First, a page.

The opening setting is the 1990s and Jackie Ishida is a Japanese-American young woman, preparing to enter law school and who also happens to be a lesbian whose grandfather Frank Sakari suddenly passes away. She comes into possession of a forgotten old box in his closet, that had a few clippings, some pictures and a great deal of cash with a note that it should be given to Curtis, a young teenager who worked in his old grocery store that was destroyed in Watts riots. It is well known to the family that those difficult times were very traumatic for many people including Frank not only because of the destruction brought about by riots but because in midst of them, Curtis and 3 younger boys were found locked in the grocery store freezer, having frozen to death. It was thought by some that this murder was the work of an unpopular white police officer who was known for mistreating kids in the neighborhood and was reportedly seen talking to them at the store on day of the tragedy. Jackie is moved to try to find more details. She connects with James Lanier, an African American who was Curtis’cousin. Once she talks to him, they team up to try to find out what really happened, in order to try to bring about some kind of long delayed justice. They embark upon a road trip (mostly limited to the Los Angeles area) where they interview several people who could shed light on this dastardly crime.

As the author follows this duo, she also provides flashbacks to earlier times to allow us to understand not only the characters in some depth but also the social climate of Southland, American, also known as Los Angeles. This includes the history of the Japanese who settled in this area and were sent to internment camps during World War II. We also learn about those young men who enlisted and fought in the War including some of the famed accomplishments of the Japanese American 442 regiment. The story that Jackie and James uncover is more than a study of how race relations played out during the past 50 years but it is also is a very personal moving story about her grandfather. She also finds meaningful insight into herself.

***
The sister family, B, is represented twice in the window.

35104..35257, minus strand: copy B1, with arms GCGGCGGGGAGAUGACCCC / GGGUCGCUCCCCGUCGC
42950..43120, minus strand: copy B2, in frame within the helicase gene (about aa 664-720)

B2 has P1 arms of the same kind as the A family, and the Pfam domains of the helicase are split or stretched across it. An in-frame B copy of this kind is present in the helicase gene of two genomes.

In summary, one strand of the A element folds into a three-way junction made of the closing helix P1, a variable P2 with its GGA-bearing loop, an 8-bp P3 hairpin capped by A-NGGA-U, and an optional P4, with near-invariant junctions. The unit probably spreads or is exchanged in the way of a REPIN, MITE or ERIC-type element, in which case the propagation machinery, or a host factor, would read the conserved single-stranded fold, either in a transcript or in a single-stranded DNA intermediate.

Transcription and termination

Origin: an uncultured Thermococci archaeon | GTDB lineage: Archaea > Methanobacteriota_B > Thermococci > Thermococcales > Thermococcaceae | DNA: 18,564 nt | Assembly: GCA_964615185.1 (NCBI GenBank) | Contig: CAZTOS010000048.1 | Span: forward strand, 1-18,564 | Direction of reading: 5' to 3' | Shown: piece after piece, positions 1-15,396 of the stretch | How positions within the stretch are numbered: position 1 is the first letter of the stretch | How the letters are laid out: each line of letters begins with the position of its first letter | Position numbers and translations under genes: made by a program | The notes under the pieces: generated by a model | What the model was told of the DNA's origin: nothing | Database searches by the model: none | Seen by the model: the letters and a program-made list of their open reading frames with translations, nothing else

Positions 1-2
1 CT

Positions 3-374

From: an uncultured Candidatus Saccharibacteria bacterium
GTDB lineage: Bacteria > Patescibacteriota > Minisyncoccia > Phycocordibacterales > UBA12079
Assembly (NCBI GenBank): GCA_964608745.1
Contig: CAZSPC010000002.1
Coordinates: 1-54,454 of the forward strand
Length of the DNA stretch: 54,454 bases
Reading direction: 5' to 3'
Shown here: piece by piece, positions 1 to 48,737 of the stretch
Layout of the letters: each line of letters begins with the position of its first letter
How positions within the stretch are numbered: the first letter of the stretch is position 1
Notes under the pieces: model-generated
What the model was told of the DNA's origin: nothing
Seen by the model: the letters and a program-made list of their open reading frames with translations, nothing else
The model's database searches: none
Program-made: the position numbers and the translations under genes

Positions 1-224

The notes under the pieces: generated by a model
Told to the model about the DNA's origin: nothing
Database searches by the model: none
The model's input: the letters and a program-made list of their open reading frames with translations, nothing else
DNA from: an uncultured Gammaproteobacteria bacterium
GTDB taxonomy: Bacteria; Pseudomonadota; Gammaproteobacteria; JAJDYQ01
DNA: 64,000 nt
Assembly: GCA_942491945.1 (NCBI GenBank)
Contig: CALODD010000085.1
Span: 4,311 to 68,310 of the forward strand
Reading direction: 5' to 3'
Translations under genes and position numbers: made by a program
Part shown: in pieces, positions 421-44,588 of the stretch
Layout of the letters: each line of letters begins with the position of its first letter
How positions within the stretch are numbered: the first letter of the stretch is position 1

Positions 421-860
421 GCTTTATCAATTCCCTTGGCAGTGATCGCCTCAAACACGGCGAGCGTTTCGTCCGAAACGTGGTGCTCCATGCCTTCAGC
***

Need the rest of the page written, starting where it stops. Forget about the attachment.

This 2003 novel deservedly won several awards. However, it did not hold me on edge of my seat or qualify as a page turner despite it being a great example of a “cold case being brought to life.” Some of the flashbacks, while necessary for insight into the characters, did seem to slow the flow of the book. A good part of the theme of this book also qualifies as an example of the search for biological roots which I have found in many true life clinical cases as well as a major storyline numerous motion pictures. See my blog about this subject.

 

Comment » | FG - Fiction General, FH - Fiction Historical, FM - Fiction Mystery

Gone Girl by Gillian Flynn

December 14th, 2013 — 1:22am

 

Gone Girl by Gillian Flynnimages-4 It is a very difficult task to review a mystery novel such as this one without revealing the ultimate secrets and discoveries, which develop in the book. This is not a “spoiler alert” as I will not deprive you of the fun of reading this book, which I do recommend that you do